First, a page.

A light at the end of the tunnel for cancer suffers

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Nanotechnology has been hailed as the miracle treatment cancer sufferers have been waiting for. Research has shown that tiny carbon tubes only half the width of a DNA molecule can latch on to cancer cells, allowing them to be targeted for laser incineration without them damaging the nearby healthy cells.

The research carried out by university researchers Alex Biris of the University of Arkansas at Little Rock and Vladimir Zharov of the University of Arkansas for Medical Sciences show how the science of nanotechnology may in the future be used in place of chemotherapy which is known to destroy cancer cells and healthy cells alike.

The scientists injected cervical cancer cells into rats near their ear allowing the cells to reach the animals’ lymph nodes. Once cancer cells from tumours reach the lymph nodes the disease can spread to other organs of the body. The researchers then injected the carbon tubes into the rats which latched on to the cells and using a small device similar to an MRI machine the scientists could watch the tubes and attached cancer cells travel through the body.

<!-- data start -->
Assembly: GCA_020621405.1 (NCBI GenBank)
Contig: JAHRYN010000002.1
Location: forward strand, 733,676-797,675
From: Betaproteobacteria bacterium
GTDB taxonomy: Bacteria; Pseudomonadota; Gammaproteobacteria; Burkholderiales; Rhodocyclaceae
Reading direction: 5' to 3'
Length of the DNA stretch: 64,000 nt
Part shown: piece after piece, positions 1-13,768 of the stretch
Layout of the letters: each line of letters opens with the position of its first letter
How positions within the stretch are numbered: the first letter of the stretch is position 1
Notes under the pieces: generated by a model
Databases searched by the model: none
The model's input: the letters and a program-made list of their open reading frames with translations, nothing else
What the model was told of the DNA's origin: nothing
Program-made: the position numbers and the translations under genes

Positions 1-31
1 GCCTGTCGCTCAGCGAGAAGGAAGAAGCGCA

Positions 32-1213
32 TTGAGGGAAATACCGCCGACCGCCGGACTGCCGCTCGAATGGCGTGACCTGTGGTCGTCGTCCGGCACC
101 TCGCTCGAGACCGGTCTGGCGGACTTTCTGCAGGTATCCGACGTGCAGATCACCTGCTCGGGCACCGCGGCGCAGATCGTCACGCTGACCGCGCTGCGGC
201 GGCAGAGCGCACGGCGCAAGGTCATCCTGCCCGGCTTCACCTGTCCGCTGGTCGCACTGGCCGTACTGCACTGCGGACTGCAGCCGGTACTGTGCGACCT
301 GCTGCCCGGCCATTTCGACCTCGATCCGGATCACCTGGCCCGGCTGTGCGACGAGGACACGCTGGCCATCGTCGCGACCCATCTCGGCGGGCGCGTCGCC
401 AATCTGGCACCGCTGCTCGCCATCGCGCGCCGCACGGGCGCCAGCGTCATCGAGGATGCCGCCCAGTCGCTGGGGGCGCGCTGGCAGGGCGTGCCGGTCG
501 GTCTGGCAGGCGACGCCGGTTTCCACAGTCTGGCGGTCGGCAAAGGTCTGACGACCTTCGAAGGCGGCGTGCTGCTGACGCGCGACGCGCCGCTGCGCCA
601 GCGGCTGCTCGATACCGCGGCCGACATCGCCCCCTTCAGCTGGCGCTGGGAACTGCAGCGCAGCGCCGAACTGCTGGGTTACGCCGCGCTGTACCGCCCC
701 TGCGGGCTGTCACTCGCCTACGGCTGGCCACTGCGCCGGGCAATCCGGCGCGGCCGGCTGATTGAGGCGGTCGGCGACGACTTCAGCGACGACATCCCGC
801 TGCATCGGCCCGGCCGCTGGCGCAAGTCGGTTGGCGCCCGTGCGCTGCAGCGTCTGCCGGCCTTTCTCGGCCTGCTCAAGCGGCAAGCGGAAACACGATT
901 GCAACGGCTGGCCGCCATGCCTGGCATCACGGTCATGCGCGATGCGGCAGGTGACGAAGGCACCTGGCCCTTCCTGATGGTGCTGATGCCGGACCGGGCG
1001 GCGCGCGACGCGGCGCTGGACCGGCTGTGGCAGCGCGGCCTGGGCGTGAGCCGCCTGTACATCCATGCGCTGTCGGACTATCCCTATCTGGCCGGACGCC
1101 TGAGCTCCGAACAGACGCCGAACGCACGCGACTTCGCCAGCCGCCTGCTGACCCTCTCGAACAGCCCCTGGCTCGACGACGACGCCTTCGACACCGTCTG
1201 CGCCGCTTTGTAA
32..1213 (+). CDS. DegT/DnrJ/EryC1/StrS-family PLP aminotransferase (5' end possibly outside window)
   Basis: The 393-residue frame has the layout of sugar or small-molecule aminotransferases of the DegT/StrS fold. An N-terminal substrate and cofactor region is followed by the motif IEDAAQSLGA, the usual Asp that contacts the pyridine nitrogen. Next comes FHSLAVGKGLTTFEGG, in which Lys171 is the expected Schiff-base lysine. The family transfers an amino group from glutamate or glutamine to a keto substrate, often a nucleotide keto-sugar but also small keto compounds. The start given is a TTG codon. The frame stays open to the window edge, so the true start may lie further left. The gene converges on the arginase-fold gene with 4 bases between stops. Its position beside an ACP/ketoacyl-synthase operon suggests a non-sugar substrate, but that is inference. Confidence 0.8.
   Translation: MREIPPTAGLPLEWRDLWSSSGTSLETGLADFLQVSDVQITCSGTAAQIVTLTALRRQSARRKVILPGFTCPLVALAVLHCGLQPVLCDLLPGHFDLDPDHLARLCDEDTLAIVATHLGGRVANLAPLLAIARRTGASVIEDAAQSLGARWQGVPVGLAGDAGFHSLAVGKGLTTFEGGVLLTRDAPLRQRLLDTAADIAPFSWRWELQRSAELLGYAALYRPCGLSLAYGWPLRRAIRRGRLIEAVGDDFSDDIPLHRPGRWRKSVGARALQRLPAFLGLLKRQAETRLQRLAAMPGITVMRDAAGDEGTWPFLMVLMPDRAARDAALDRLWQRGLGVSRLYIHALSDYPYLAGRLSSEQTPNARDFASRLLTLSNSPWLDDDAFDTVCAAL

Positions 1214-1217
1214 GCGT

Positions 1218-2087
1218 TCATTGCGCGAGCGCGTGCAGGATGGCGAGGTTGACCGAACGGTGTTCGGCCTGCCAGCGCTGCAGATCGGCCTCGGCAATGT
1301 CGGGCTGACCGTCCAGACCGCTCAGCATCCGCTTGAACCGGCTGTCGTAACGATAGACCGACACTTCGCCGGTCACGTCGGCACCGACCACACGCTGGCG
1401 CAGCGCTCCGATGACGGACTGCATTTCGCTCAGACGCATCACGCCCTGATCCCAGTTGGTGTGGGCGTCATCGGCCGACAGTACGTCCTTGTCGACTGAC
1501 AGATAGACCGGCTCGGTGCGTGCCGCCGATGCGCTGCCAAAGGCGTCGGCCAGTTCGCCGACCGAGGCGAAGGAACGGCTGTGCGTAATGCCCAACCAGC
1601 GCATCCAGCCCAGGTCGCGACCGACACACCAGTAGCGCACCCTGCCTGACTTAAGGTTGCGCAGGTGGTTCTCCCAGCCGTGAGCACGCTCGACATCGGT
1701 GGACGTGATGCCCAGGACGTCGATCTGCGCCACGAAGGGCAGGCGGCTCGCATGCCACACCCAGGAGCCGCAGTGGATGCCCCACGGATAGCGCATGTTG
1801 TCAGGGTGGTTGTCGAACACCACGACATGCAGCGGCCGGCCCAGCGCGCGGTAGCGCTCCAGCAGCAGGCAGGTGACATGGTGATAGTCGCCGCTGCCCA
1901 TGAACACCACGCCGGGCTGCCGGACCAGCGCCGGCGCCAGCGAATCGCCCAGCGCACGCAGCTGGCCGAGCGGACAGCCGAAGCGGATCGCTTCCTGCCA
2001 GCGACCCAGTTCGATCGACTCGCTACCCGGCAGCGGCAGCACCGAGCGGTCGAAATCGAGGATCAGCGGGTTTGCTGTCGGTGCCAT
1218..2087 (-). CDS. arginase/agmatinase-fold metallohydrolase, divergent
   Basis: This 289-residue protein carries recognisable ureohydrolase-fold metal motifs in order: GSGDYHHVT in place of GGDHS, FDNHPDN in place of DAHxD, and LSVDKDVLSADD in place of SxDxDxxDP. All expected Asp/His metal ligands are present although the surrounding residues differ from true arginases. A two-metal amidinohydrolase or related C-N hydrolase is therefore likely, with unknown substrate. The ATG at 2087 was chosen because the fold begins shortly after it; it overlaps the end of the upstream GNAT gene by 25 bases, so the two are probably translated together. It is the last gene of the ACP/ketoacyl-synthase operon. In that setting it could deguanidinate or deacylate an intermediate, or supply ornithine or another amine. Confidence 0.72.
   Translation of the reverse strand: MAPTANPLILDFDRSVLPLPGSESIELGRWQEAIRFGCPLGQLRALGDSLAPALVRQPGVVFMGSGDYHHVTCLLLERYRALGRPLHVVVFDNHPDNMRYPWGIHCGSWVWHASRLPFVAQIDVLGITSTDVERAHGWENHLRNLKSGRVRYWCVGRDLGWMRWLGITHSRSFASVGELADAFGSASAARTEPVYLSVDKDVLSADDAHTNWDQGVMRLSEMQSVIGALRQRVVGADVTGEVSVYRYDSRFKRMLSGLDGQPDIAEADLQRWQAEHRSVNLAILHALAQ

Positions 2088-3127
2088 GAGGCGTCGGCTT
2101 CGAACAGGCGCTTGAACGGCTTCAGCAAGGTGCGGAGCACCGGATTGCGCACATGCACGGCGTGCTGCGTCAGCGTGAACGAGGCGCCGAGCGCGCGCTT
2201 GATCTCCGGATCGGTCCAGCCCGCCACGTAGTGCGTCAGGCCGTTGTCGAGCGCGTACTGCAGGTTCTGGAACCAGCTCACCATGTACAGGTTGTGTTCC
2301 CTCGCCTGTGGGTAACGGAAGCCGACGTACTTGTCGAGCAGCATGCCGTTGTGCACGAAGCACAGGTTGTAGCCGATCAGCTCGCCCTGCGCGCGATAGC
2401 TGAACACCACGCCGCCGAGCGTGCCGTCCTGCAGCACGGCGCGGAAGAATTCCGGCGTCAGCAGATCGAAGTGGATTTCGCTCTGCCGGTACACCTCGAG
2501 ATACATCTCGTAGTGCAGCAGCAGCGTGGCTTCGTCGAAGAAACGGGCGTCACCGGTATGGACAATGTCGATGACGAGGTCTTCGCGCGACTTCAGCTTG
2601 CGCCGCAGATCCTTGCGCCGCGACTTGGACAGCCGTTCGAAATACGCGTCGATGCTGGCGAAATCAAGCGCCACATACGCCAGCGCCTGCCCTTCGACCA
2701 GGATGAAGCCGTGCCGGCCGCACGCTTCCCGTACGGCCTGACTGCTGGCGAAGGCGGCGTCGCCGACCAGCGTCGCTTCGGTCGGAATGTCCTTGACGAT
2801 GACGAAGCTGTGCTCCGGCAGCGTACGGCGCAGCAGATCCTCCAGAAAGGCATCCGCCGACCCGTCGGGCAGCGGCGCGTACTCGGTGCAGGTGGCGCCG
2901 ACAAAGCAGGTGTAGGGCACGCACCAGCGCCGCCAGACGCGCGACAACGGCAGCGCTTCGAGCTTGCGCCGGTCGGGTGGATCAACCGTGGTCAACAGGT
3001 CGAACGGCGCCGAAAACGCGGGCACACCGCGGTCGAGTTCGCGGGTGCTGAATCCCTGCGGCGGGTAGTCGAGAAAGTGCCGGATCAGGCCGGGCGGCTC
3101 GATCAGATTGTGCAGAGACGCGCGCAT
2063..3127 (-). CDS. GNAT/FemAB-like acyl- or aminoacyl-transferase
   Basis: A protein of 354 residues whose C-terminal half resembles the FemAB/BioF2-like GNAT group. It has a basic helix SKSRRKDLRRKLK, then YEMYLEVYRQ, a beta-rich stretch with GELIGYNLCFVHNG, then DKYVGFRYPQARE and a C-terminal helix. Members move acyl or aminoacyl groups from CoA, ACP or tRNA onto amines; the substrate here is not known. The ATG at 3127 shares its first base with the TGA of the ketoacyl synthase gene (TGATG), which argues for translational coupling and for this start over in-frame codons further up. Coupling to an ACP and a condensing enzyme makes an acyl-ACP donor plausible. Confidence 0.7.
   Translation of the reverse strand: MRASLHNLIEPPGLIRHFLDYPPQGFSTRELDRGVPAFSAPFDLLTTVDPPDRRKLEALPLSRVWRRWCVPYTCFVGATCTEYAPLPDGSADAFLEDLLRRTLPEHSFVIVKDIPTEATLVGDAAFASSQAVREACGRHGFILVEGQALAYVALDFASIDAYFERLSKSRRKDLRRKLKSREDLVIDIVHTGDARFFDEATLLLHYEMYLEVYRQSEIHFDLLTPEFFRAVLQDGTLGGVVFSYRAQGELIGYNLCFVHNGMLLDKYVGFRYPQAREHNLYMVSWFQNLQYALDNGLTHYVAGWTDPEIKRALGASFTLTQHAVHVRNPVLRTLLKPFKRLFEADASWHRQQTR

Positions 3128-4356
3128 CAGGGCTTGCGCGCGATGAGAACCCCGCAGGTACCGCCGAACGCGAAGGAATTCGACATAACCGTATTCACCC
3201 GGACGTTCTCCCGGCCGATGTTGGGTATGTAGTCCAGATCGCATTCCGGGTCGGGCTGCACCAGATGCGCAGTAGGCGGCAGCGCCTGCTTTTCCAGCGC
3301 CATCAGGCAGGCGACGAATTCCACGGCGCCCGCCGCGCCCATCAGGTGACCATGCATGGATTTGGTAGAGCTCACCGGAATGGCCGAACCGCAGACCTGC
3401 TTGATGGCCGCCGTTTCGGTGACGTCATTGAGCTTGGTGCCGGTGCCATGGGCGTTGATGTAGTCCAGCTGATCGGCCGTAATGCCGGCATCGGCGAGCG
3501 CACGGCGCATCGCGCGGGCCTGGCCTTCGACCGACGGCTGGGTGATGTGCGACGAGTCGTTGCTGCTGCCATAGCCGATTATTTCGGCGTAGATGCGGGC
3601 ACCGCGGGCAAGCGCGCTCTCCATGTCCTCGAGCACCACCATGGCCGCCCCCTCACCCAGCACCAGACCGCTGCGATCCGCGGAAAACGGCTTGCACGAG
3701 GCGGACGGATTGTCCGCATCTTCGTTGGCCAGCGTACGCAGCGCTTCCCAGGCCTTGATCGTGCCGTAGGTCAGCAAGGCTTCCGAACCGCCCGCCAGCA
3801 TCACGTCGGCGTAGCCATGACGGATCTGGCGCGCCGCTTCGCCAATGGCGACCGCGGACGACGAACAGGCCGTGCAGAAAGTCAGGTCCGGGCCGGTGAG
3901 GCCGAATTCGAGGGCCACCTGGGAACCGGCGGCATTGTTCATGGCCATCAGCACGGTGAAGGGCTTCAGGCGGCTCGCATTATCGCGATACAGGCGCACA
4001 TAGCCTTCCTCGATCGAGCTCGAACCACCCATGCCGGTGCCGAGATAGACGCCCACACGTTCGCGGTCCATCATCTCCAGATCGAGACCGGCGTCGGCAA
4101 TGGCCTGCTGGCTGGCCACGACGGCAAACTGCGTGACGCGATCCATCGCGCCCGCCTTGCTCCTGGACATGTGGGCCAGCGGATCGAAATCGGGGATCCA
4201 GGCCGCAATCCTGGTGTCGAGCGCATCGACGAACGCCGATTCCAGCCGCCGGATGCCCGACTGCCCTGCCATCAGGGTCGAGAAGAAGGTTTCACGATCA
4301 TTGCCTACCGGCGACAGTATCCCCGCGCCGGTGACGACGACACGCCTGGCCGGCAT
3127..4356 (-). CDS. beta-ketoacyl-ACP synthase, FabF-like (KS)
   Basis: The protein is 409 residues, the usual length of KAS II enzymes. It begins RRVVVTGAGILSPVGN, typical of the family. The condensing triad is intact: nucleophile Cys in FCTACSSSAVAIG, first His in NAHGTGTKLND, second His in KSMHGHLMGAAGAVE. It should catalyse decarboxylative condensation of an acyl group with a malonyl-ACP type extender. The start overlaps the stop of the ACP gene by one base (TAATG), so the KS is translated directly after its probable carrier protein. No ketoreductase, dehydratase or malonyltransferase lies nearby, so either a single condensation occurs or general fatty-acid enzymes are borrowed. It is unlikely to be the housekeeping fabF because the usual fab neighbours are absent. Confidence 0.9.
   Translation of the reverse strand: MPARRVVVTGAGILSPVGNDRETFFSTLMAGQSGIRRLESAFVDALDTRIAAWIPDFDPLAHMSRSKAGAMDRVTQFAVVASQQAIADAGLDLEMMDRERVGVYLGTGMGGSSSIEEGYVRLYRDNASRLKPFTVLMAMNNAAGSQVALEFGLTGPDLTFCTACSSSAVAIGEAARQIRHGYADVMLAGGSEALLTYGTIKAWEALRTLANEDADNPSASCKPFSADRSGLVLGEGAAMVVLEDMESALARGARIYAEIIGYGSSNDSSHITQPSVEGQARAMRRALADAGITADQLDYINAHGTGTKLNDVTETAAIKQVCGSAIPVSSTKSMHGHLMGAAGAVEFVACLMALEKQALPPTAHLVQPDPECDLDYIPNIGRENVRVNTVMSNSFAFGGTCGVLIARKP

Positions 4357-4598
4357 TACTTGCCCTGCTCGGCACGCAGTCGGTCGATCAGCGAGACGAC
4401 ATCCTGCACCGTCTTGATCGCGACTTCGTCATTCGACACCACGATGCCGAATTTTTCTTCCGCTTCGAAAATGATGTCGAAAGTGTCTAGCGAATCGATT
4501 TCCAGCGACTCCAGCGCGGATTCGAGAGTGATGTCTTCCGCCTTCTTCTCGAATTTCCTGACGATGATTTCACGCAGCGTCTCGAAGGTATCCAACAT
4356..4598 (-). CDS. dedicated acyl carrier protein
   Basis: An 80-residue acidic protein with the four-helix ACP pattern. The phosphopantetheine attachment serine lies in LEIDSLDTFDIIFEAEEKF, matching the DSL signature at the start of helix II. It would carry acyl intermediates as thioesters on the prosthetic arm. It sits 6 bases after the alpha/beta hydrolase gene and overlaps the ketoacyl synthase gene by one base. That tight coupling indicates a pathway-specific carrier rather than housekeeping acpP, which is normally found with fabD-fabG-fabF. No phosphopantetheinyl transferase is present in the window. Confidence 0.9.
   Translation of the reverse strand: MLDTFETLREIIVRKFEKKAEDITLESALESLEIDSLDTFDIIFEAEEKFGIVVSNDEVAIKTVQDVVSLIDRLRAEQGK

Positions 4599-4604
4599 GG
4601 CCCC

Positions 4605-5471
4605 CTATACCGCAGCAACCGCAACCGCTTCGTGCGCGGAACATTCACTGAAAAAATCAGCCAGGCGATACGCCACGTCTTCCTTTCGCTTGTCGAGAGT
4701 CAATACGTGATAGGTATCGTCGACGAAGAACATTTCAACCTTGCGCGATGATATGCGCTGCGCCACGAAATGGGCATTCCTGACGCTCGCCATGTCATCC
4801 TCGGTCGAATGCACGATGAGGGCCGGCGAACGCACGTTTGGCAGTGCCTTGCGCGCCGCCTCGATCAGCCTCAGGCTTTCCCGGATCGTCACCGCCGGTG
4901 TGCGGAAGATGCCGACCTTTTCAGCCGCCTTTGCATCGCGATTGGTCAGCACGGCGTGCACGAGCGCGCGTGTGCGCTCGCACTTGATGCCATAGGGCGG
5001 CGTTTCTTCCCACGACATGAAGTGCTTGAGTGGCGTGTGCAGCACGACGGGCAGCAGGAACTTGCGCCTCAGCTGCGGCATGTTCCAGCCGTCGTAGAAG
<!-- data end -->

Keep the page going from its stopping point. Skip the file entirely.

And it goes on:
Alex Biris stated “Now we have the ability by shining lasers, just lasers, to actually detect how these cancer cells move through the circulating system as well as the lymph nodes and tissues. This is important because beside the ability to detect the cancer cells we will also be able to kill them.”

To destroy the cells the nano tubes are heated up to around 90°C using an infra red laser beam, they were then inserted into the cells which were quickly destroyed by the heat generated by the laser beam. Unlike normal cells, cancer cells are covered in receptors for a vitamin known as folate. To ensure that only cancer cells are destroyed scientists make sure that the carbon tubes are coated in folate allowing the tubes to pass easily into the targeted cells but unable to bind with the healthy cells.

Nanotechnology has a lot to offer biomedical science, however the development of this treatment is still in it’s very early stages. Last year they found mice which were injected with the same carbon nano tubes responded as if they had been exposed to asbestos suffering inflammation and lesions.

Researchers have stated that additional studies are required to understand the potentially toxic affects of the tubes in humans and believe that further research into nanotechnology is fundamental to see if this treatment really can be used in the fight against cancer.

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